Table 2: Intra- and postoperative data of patients

    On the other hand, we found a statistically significant difference between the patients with rehospitalization with SSI in terms of having bath after discharge (p<0.05) and having bath was associated with decreased SSI rates (Table 3).

    Table 3: Patient data after discharge

  • Top
  • Summary
  • Introduction
  • Methods
  • Results
  • Disscussion
  • References
  • Surgical site infections have a negative effect on the postoperative recovery period. They are associated with increased treatment intensity, prolong lenght of stay, higher costs, morbidity, and mortality.[1,3,8-10] Major postoperative infections including bloodstream infections and SSIs occur in up to 5% of patients after cardiac surgery.[10,11]

    The reported incidence of infectious complications after cardiac surgery has ranged between 5 to 21% of cases.[12] While superficial sternal wound infections include skin, subcutaneous tissue and pectoralis fascia, deep sternal wound infections involve the sternal bone, substernal space and the mediastinum, and occur in 0.5 to 8% and 0.4 to 2% respectively.[5] In this study, the SSI rates were found to be similar with the literature.

    Hannan et al.[13] and Li et al.[14] reported an all-cause readmission rate of 16.5 and 13.2%, respectively within 30 days of CABG. Both aforementioned authors concluded that postoperative infection was the most common reason for rehospitalization, consistent with our study findings.

    The mortality rate of patients who develop SSI after cardiac surgery is significantly higher than those without SSI, ranging between 22 and 40%.[3] In our study, there were no infection-related mortality.

    In recent years, there are many attempts to identify predictors for the development of SSI after cardiac surgery in the field of surgery.[3] The management of SSI is complex and prevention according to the risk factor modification offers the most effective intervention. A host of independent risk factors have been identified for SSIs.[5] These predictors have been also examined in terms of patient, surgery, and hospitalization.

    The patient-related predictors are age (>85 years), sex, obesity (BMI >30 kg/m2), concomitant diseases (i.e., COPD, respiratory failure, renal failure and hemodialysis, DM, cardiogenic shock, history of MI, and aortic calcification), the use immunosuppressive agents, and smoking. Risk factors for surgery are type of surgery (combined valve + CABG and aortic procedures), reexploration (reopening) for bleeding, blood transfusions, CPB time, and using IABP. Risk factors for hospitalization are preoperative length of stay in hospital more than three days, and preparation of the patient for surgery.[5,15,16] In this study, the age, sex, BMI, DM, heart failure, peripheral vascular disease, COPD, cardiogenic shock, and preoperative MI did not show a significant correlation with SSIs. However, smoking and renal failure were significantly associated with SSI development.

    Several studies demonstrated that age, female sex, high preoperative serum glucose levels (>200 mg/dL), DM, obesity, and smoking were statistically significantly correlated with SSI development.[11,17,18] Bhatia et al.[17] reported that, in patients over the age of 66 years, the changes of developing wound infections were twice as high as in patients aged between 21 and 50 years.

    On the other hand, there are conflicting reports on sex as a risk factor for SSI development. Some authors have reported an increased risk, while some others have shown a decreased risk in males.[19] There are also reports showing no significant correlation between sex and SSI development. Rogers et al.[20] reported that women were more likely to receive allogeneic red blood cells or platelets than men. The authors found that patients who received allogeneic blood were 4.4 times more likely to develop an infection than those who did not and women had a greater risk of infection.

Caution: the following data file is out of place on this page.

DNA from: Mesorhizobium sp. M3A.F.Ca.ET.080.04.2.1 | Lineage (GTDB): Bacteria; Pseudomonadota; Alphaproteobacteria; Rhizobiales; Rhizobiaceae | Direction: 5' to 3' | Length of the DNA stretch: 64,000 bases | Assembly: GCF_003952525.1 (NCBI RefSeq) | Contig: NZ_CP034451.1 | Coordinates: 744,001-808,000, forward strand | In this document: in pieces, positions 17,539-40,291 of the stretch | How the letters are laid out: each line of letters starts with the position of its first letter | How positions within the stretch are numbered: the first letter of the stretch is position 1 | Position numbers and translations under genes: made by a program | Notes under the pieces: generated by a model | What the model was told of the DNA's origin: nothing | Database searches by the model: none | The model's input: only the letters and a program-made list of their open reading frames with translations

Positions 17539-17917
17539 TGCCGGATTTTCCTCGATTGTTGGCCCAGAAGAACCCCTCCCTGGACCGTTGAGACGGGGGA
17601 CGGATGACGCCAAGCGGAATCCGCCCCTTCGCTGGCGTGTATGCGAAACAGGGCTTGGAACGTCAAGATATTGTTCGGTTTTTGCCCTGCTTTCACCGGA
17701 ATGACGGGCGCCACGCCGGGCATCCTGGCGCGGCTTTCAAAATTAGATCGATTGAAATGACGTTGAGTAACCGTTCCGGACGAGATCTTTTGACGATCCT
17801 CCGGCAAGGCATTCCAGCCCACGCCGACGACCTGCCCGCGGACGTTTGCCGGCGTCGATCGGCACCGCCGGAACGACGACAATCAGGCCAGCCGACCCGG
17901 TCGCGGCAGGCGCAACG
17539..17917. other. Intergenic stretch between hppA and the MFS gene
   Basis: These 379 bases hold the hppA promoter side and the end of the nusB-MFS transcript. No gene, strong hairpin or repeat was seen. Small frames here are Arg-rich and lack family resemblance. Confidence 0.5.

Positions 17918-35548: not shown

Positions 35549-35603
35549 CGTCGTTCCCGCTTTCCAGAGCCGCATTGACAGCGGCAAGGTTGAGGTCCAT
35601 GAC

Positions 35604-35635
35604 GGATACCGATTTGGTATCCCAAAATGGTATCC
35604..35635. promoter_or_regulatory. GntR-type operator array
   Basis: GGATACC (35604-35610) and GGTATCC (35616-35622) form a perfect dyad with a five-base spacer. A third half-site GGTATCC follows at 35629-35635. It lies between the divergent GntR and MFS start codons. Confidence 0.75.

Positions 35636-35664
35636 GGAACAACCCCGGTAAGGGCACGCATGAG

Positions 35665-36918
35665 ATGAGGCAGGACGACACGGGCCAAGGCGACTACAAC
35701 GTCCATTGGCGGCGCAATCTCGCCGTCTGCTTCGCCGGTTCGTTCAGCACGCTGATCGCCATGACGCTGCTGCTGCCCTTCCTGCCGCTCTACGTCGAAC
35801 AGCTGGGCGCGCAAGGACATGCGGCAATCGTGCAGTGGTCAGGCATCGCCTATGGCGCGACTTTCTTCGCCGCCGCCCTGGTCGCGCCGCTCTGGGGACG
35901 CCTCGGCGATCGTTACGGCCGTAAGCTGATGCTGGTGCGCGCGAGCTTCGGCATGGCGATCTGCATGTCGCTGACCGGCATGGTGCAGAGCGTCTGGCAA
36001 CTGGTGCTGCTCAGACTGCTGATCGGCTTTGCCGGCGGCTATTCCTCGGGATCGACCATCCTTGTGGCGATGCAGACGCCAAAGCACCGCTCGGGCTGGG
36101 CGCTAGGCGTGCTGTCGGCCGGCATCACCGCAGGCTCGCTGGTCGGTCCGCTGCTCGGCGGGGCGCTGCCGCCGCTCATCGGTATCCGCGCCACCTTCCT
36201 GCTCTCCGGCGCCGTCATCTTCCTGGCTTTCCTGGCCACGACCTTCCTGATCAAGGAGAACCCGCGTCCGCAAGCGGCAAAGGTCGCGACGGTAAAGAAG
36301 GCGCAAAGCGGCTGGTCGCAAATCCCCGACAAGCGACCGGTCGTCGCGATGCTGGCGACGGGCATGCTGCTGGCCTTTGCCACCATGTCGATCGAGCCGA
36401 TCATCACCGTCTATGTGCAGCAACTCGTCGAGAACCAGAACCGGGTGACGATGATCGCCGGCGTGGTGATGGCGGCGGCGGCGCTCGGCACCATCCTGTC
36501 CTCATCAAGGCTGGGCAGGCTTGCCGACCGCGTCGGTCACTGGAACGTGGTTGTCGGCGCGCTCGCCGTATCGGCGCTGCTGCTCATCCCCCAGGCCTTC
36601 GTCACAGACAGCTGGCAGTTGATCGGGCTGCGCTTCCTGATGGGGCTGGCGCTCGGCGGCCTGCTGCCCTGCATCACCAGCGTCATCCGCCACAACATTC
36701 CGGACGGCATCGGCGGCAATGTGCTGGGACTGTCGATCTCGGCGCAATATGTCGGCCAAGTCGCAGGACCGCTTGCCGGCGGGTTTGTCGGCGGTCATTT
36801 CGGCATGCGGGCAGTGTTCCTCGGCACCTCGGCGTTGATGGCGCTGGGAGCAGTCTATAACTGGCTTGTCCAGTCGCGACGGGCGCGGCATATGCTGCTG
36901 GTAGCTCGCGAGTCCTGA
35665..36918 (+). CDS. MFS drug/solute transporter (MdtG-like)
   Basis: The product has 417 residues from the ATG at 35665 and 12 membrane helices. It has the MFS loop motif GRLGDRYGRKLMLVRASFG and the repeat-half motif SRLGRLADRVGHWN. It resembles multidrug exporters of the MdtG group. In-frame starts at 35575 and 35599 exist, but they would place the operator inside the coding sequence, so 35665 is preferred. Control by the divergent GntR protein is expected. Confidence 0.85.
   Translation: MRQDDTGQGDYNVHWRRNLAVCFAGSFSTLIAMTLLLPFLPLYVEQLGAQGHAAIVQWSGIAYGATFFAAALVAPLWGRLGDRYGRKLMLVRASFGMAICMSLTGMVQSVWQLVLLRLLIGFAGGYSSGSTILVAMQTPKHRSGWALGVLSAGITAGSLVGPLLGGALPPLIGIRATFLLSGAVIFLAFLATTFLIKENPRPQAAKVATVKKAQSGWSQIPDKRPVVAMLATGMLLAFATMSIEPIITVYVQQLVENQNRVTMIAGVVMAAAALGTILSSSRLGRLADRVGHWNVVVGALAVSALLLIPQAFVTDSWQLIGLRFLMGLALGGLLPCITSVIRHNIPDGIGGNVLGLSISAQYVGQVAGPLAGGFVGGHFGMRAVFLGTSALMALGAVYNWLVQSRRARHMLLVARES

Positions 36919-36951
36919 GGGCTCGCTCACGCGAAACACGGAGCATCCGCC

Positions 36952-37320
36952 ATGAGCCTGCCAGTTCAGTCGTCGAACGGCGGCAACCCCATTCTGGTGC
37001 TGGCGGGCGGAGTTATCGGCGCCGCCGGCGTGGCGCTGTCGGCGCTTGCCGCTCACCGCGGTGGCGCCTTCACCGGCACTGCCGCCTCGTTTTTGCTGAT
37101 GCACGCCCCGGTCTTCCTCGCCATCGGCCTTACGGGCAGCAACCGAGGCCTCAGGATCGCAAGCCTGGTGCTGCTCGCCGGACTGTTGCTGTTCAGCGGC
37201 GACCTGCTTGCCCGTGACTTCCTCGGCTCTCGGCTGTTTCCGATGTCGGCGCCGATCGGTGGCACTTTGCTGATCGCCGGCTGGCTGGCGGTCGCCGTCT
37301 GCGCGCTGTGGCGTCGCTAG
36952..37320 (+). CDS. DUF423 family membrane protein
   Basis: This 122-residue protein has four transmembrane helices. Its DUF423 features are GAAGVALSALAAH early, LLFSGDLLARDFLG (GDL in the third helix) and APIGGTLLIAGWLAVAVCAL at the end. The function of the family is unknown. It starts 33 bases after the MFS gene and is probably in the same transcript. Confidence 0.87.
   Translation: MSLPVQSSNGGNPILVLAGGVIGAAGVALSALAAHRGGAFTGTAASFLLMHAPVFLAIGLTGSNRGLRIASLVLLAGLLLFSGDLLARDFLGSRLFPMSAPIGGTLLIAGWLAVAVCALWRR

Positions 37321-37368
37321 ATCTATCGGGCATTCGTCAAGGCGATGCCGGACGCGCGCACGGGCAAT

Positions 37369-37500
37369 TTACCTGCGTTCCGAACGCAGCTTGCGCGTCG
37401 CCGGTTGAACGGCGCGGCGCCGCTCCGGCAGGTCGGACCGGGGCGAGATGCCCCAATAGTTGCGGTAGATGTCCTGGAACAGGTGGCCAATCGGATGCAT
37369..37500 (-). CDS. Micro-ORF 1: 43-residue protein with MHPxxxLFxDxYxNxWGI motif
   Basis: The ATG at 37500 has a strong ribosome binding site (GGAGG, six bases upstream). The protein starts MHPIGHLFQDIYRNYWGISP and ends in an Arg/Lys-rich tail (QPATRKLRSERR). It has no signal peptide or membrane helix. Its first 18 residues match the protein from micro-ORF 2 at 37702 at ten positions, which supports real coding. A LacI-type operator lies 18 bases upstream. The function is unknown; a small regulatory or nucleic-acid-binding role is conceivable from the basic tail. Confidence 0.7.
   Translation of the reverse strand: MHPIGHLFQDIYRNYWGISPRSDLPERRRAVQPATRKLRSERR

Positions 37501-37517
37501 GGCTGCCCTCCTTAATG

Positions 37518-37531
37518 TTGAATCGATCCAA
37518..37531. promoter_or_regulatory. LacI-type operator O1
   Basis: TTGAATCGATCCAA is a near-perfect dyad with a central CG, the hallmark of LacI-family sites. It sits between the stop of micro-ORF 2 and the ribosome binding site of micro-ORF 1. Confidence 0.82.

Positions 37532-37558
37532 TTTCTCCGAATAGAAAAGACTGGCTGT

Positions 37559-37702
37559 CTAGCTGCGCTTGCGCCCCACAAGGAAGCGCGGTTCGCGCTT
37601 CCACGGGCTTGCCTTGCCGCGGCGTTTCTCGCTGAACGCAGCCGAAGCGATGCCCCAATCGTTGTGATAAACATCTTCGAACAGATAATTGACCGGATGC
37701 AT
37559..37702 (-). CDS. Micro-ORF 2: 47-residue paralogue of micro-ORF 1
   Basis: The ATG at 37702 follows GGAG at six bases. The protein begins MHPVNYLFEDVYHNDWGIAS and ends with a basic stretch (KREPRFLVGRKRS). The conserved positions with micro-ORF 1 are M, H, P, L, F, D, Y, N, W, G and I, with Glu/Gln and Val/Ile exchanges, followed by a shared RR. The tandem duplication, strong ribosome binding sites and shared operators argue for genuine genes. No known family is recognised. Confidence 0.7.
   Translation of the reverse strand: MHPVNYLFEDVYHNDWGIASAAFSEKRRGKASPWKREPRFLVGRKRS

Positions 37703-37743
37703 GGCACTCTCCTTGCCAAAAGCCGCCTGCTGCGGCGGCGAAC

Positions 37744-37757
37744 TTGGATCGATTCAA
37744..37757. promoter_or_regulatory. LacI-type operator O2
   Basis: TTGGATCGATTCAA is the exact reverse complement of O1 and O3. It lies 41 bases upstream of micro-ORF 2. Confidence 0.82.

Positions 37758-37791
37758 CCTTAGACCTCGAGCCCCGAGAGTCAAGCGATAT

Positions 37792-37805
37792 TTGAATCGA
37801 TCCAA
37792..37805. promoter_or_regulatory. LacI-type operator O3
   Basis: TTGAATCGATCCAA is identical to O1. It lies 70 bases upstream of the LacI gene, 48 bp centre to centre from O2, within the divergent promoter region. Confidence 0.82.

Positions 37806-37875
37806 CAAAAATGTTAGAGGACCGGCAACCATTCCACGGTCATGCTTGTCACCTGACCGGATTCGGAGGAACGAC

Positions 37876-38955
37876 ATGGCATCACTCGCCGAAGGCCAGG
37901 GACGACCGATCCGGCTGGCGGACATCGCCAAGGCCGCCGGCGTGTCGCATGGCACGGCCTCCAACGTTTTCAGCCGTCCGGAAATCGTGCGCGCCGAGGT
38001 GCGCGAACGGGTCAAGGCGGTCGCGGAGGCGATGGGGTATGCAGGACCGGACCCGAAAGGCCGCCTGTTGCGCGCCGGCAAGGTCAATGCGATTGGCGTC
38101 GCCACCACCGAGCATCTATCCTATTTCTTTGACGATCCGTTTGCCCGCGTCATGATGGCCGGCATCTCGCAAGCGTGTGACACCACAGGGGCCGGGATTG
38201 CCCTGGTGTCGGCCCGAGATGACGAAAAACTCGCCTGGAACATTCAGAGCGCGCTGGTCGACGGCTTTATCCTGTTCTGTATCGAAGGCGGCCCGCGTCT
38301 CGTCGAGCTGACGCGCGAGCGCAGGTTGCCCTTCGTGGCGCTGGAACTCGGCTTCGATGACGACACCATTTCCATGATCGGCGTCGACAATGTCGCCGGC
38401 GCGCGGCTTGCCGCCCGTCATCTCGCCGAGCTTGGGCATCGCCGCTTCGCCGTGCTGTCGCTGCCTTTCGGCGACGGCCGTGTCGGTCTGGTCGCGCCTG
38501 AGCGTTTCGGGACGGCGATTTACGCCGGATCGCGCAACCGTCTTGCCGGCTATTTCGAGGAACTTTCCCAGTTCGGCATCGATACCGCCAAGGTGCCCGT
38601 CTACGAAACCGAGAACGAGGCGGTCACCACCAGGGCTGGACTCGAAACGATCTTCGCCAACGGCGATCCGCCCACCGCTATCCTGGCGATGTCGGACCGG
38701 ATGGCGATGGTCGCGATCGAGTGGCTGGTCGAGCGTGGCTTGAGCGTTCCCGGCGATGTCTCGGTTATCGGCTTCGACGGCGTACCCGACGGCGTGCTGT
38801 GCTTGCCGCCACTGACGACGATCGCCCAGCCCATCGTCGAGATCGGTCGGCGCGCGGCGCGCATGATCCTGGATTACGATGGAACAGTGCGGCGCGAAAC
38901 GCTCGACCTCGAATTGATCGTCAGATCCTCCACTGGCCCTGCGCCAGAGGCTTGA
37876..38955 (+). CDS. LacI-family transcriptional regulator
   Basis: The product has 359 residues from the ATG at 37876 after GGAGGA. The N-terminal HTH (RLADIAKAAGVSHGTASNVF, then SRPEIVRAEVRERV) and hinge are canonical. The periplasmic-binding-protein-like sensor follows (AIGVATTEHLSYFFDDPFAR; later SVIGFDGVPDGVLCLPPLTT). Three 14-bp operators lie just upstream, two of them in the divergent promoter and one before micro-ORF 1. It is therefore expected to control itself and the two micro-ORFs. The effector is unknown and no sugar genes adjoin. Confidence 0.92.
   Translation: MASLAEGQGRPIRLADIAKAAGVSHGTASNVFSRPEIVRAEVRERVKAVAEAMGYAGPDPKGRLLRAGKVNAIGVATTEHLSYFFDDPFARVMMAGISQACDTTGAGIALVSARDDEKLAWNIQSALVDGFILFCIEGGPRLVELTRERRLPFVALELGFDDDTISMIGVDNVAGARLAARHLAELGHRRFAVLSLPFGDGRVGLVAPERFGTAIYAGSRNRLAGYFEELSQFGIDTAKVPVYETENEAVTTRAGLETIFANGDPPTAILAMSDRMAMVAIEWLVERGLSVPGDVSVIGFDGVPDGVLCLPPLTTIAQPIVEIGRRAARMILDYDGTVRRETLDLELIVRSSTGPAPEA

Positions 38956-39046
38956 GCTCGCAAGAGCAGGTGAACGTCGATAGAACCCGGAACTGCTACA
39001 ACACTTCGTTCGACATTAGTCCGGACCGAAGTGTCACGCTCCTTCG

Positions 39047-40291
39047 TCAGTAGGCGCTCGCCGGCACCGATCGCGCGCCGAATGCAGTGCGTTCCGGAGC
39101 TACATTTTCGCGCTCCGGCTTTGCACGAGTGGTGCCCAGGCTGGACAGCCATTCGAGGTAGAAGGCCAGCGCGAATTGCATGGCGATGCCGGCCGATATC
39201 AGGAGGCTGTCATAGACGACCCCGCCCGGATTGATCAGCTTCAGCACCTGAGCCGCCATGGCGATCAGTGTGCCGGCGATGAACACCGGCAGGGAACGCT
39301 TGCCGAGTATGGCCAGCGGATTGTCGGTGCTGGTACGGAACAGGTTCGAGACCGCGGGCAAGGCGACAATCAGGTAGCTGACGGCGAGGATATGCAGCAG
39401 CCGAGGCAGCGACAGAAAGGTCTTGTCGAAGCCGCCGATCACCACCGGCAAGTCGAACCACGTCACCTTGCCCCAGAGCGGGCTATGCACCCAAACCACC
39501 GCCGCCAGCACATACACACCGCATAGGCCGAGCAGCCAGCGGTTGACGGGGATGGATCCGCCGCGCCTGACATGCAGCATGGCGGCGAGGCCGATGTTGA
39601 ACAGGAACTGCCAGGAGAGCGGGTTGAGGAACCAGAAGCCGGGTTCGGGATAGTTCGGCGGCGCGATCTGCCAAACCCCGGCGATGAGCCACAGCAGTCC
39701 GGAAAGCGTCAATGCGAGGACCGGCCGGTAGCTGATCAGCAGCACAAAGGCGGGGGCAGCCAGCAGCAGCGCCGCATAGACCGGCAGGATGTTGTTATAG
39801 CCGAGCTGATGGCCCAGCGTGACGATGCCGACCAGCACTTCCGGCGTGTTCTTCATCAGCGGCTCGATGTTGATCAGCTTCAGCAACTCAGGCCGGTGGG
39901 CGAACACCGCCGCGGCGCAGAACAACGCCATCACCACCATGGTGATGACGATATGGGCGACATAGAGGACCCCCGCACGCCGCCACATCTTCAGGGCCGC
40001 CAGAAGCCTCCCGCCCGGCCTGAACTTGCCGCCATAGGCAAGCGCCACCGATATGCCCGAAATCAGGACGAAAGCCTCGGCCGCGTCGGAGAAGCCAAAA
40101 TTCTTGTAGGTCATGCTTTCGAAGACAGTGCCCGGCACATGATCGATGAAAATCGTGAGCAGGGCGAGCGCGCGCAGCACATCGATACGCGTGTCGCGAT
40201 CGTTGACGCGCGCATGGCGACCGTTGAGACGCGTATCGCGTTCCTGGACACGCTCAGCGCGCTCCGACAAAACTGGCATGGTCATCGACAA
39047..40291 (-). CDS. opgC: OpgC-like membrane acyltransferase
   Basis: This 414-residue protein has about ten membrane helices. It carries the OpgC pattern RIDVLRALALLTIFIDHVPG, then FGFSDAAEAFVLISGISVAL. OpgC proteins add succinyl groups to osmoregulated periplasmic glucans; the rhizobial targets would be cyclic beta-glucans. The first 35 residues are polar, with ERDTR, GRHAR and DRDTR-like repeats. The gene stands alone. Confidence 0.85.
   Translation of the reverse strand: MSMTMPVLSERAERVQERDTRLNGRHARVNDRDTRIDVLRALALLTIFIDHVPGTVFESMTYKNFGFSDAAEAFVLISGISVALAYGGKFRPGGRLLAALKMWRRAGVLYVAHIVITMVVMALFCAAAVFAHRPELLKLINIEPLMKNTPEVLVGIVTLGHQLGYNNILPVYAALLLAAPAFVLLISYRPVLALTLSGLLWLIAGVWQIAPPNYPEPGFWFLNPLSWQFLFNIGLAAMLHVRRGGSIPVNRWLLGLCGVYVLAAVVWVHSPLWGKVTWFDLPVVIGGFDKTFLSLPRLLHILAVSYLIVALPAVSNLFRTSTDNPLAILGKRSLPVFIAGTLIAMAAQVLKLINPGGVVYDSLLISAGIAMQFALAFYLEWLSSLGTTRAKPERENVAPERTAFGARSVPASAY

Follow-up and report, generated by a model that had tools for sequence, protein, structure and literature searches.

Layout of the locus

Kanafani et al.[21] and Fowler et al.[11] reported that a BMI of >40 kg/m2, chronic renal failure with hemodialysis, and chronic lung disease had a higher risk of developing major infections after cardiac surgery. In addition, Rahmanian et al.[22] reported that a BMI value of exceeding 30 kg/m2 and diabetes were the main predictors for SSI development.

    Furthermore, several studies have shown that obesity has a weak correlation with SSI and having sternotomy.[23] The possible reason for obesity being a risk factor include ineffective dose of prophylactic antibiotics, difficulty in proper skin preparation, adipose tissue providing a good substrate for infection and difficulties in vascular graft harvesting.[17]

    Diabetes, particularly uncontrolled diabetes, is a significant independent risk factor for the development of SSI in perioperative cardiac surgical patients.[3,11,16,17,24] High perioperative blood glucose concentrations have been identified as a risk factor for SSI after cardiothoracic surgery.[15,21,25] In patients with diabetes, postoperative hyperglycemia has been also associated with adverse outcomes such as death, MI, stroke, and septic complications before hospital discharge.[3,21,25-27] Maintaining a serum glucose of <180 mg/dL with continuous insulin infusions in patients with and without DM reduces morbidity and mortality, lowers the incidence of sternal wound infections, shortens hospital length of stay, and improves long-term survival.[28] Poor glycemic control prior to surgery, however, contributes to poor diabetes control after hospital discharge and increases the incidence of complications, such as poor wound healing and higher rates of SSI, and rehospitalization and increased mortality, eventually.[29,30] It is likely that the benefits of glucose control extend to cardiac surgical patients, as most of the large-scale glucose control studies included cardiothoracic surgery patients and as poor glucose control is associated with a higher risk of SSI.[5,31,32]

    In this study, CPB time, aortic cross-clamp time, operation time, length of stay in the ICU, blood transfusion, blood glucose regulation, and type of surgery did not show a significant correlation with the SSI development. However, the use of IABP was found to be significantly associated with the SSI development.